It feels as if I’m lucky when I visit the Lancashire mosses. Rarely do I fail to see the Barn Owl and more often than not it silently floats up to me before banking away down an adjacent drainage ditch. My brother, who photographed birds primarily in the era of film, has spent many hours watching without such fine sightings. He’s of a mind I keep one in the van and release it each time I visit!
It was the same the weekend before last. I spent an afternoon parked up in a favourite spot that gives good over views of a large extent of the land. I arrived soon after 2.00pm and for the first couple of hours it was very quiet, but with a storm approaching. The sky blackened as the sun lowered in a clear western sky. It was a wonderful light, the sort photographers dream of, and I hoped the owl might show before the rain – or was it to be snow? Of course it didn’t and the sky deposited hail! In a few minutes the farmland was lifted into another dimension by a covering of white. The light dropped and the parameters for photography were getting worse by the minute.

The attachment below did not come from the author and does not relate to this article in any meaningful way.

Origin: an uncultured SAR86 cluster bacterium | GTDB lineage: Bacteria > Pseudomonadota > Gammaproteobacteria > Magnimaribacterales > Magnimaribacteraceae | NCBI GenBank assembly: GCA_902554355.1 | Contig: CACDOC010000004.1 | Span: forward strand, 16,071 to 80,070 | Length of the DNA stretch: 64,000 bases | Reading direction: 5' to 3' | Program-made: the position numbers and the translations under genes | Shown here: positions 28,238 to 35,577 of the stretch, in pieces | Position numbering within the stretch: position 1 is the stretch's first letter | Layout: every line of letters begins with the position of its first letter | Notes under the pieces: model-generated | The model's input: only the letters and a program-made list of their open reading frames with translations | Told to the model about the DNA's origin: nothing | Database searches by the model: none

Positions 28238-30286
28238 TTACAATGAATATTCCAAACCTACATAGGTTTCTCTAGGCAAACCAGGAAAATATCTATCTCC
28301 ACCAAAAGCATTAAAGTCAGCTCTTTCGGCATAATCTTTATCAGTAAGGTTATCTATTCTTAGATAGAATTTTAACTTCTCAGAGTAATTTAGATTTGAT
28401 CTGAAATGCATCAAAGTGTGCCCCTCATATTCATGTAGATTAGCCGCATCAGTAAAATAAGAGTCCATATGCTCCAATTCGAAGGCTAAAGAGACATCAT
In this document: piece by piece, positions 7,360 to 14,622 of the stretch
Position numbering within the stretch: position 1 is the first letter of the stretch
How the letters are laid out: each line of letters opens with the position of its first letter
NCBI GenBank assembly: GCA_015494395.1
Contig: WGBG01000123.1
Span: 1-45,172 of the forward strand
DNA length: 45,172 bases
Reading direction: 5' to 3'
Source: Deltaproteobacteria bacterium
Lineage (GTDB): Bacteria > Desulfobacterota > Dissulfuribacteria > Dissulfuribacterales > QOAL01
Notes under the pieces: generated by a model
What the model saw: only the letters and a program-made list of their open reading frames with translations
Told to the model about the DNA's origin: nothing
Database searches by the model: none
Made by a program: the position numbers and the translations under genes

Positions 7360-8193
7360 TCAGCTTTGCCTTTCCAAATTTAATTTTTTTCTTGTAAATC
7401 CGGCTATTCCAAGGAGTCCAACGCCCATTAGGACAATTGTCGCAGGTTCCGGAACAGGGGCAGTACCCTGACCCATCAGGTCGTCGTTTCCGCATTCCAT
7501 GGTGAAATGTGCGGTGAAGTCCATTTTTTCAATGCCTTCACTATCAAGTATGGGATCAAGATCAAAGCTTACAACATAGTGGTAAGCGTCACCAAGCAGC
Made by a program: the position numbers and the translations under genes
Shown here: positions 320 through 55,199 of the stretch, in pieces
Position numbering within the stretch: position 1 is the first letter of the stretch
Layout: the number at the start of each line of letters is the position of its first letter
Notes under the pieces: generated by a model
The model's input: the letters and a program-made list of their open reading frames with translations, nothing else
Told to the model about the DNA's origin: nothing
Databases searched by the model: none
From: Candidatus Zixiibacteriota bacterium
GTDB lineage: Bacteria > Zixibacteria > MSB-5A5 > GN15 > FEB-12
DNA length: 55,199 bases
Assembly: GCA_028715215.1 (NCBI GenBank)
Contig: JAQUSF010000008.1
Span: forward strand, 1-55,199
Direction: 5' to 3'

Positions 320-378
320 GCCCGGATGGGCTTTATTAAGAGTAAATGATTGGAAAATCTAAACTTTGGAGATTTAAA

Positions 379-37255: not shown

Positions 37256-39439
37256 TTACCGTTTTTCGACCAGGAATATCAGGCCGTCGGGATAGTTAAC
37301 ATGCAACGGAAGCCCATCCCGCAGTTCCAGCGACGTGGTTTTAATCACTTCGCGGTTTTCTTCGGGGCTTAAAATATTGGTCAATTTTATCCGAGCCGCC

Just as the hail ceased I caught sight of the Barn Owl, as it plunged into the bank of one of the ditches. I moved the van to the top lane that intersects the ditch and after ten minutes it emerged and continued on it’s route along the bank to within yards of me.
It’s one of the finest of all birding experiences to be alone with such an enigmatic bird on your home patch. I was watching Robert Macfarlane’s Wild Places a couple of nights after and his description of the Barn Owl seemed as good as I’ve come across,
“—– in daylight they resemble apparitions – the closest things to ghosts in the bird world – flying with a supernatural vigilance. To me they set the land over which they move alight with wildness; they pass through the air, these birds, with the silence of falling snow.”
The storm clouds that had just passed then gave a dramatic backdrop to a few skeins of the Pink-footed Geese. The last hour before nightfall had proved exceptional. Perhaps next time though, the Barn Owl will fly against that black hail filled sky in that rich winter light. Or then again perhaps I’m wishing for just that little too much!